30/07/2016 10:40 AM AEST

A Look At This Year's Raging Wildfires -- From Space

Climate change is bringing longer and more destructive fire seasons.

Climate change has not only sent global temperatures spiraling out of control, it has breathed fire into Earth’s wild lands.

Fire seasons are an average 78 days longer than they were in 1970, and the number of acres scorched each year has doubled since 1980, according to the U.S. Department of Agriculture. 

If the start of the 2016 fire season is any indication, this alarming trend won’t be extinguished anytime soon. NASA is providing a unique view of the destruction by using satellites to help track and monitor fires ― valuable information for fire managers on the ground ― as well as look at how these blazes are affecting air quality and releasing greenhouse gases.

Lesley Ott, a scientist at NASA’S Goddard Space Flight Center, said the technology provides scientists with “the best view that we’ve ever had of the global picture.” 

“Satellites give us a really unique perspective on fires,” Ott said in an interview posted to the space agency’s website. “We can see the hot spot while the fire’s going on, we can see the smoke that’s pouring off. And then after the fire’s completed, we can actually look at the burn scar and see the impact on vegetation, and even the vegetation regrowth in the year’s to come.” 

In May, a wildfire driven by unusually hot, dry weather burned through the town of Fort McMurray in Alberta, Canada, scorching nearly 1.5 million acres and displacing tens of thousands of people.

In California, two major wildfires ― the Soberanes fire along the Central Coast and the Sand fire around the Santa Clarita Valley near Los Angeles ― continue to rage. As of Friday, they had burned a collective 70,000 acres.

While these large fires have garnered widespread media attention, they only begin to tell the story of what’s happening in the U.S. and around the world. 

“Already in the U.S. this year, more than 29,000 fires have burned 2.6 million acres,” NASA scientist Doug Morton said in an online interview. “The Amazon is the driest it’s been in 14 years, and smoke from wildfires in the Amazon can drift to southern Brazil, changing air quality and potentially impacting the [Rio de Janeiro] Olympics.”

Below, a look at some of NASA’s incredible and gut-wrenching satellite imagery of this year’s fires, from California and China, to Canada to Russia. 

NASA MODIS Rapid Response, Jeff Schmaltz
"On July 29, 2016, fires peppered the ground while smoke spread across the skies over eastern China. The Moderate Resolution Imaging Spectroradiometer (MODIS) on NASA’s Terra satellite captured this natural-color image. Dozens of fires, marked by red outlines, appear south and southwest of Beijing.  Smoke appears most thick over the Shandong Bandao peninsula. Many, if not most, of the fires in this image are agricultural fires." -- NASA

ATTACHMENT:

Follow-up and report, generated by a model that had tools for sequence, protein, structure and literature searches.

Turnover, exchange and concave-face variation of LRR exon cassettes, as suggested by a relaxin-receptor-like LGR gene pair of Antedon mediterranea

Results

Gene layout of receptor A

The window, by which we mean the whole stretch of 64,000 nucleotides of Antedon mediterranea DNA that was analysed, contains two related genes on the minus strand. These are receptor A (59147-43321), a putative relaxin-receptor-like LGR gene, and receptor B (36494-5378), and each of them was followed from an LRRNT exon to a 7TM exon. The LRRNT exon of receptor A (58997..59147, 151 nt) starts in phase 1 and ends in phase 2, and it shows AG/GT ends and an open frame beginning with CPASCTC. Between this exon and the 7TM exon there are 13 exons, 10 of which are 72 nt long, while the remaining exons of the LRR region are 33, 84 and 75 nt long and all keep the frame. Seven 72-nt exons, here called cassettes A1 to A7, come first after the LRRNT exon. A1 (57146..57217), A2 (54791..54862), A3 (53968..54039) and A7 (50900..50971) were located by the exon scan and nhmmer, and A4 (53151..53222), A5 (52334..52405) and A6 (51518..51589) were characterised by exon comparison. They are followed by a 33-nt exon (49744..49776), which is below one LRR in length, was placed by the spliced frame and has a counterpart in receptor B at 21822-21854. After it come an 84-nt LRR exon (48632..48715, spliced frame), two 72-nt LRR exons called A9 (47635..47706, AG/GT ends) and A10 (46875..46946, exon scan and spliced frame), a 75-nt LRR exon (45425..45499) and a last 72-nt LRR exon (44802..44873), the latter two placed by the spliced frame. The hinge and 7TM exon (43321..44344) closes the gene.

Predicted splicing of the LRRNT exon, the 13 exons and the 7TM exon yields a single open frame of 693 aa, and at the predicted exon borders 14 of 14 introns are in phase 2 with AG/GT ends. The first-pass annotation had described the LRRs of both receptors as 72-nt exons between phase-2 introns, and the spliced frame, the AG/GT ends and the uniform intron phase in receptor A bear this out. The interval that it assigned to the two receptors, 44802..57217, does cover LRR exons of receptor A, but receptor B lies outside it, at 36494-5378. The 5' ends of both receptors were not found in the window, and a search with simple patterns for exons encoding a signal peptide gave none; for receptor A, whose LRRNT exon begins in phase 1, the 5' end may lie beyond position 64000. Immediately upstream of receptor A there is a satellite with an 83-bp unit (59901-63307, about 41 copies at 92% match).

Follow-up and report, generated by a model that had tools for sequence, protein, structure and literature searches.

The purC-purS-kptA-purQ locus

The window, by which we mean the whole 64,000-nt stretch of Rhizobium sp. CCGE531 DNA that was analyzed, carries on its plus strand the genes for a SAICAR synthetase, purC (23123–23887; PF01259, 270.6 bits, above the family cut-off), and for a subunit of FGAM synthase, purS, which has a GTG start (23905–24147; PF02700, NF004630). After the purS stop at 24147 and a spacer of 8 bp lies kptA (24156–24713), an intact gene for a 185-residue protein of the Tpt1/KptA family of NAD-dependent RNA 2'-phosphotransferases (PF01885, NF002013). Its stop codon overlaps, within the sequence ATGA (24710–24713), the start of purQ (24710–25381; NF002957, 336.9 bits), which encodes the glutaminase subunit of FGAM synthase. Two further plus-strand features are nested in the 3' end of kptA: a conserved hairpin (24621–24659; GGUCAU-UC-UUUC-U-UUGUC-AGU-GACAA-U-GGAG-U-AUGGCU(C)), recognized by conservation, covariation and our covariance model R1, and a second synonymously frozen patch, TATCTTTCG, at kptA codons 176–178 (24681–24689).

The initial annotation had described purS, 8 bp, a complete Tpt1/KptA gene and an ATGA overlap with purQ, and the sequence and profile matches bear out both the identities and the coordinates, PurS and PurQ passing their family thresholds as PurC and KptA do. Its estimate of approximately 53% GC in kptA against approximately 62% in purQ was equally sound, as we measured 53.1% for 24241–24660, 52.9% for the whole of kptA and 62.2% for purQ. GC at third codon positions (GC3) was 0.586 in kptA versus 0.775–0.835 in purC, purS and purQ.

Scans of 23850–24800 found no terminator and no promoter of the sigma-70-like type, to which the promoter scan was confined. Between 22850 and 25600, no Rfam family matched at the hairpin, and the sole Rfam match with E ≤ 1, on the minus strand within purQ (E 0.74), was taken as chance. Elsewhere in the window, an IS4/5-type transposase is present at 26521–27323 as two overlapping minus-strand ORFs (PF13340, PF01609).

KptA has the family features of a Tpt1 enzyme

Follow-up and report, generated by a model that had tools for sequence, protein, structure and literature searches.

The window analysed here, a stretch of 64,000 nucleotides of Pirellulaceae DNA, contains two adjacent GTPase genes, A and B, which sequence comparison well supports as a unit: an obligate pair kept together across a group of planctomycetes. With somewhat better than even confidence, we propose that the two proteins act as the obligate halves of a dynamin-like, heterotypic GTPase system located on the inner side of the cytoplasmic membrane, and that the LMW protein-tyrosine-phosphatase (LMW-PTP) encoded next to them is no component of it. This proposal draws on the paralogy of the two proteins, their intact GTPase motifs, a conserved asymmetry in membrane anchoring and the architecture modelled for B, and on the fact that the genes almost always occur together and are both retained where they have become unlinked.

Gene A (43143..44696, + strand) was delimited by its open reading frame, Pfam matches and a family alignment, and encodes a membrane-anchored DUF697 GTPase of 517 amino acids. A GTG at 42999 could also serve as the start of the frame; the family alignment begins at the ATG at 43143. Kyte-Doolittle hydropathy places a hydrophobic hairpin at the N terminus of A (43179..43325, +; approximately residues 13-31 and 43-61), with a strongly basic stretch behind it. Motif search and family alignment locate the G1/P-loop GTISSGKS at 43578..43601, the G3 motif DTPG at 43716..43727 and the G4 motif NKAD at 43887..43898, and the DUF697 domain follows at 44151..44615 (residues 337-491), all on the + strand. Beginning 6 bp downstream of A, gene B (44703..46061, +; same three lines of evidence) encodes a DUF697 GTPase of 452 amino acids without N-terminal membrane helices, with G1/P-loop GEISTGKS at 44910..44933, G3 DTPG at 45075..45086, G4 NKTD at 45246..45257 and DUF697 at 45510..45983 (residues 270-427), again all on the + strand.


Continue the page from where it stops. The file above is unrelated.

NASA MODIS Rapid Response, Jeff Schmaltz
Northwest territories, Canada. "According to the Northwest Territories (NWT) Government Facebook page one new fire has been reported in the NWT in the past 24 hours. 164 wildfires have been reported in the NWT, affecting about 181,955 hectares (449,620 acres)."  -- NASA, July 29, 2016
NASA MODIS Rapid Response, Jeff Schmaltz
"Bushfires in the Northern Territory of Australia are dotting the landscape in this image captured by the Suomi NPP satellite's VIIRS (Visible Infrared Imaging Radiometer Suite) instrument on July 28, 2016." -- NASA
NASA Goddard MODIS Rapid Response Team
The Aqua satellite captured this image of the Soberanes fire in northern California on July 27, 2016.
NASA MODIS Rapid Response, Jeff Schmaltz
Greek islands. "A state of emergency has been declared on the island of Chios due to the fire that broke out early in the morning hours of Monday, July 25, 2016.  Dozens of firefighters and equipment were dispatched to fight the fire which quickly spread due to high temperatures, dry conditions, and high winds." -- NASA
NASA MODIS Rapid Response, Jeff Schmaltz
"Many wildfires continue pepper central Russia and created a portrait of swirling smoke in a satellite image. The Suomi NPP satellite's Visible Infrared Imaging Radiometer Suite (VIIRS) instrument identified smoke and heat from many wildfires on July 18, 2016 at 06:30 UTC (2:30 a.m. EDT). In the image the red area indicate hotspots and the location of the fires." -- NASA
NASA MODIS Rapid Response, Jeff Schmaltz
"NASA’s Suomi NPP satellite detected thousands of fires burning in central Africa on July 11, 2016. The fires are represented by the multitudes of red dots. Most of the fires burn in grass or cropland." -- NASA
NASA MODIS Rapid Response, Jeff Schmaltz
In this July 2, 2016 photo, fires are seen raging in northern Saskatchewan and the Northwestern Territories of Canada.
NASA's satellite image shows columns of smoke rising up from the myriad of wildfires, with NASA outlining actively burning areas in red over the Fort McMurray, Alberta, Canada on May 16, 2016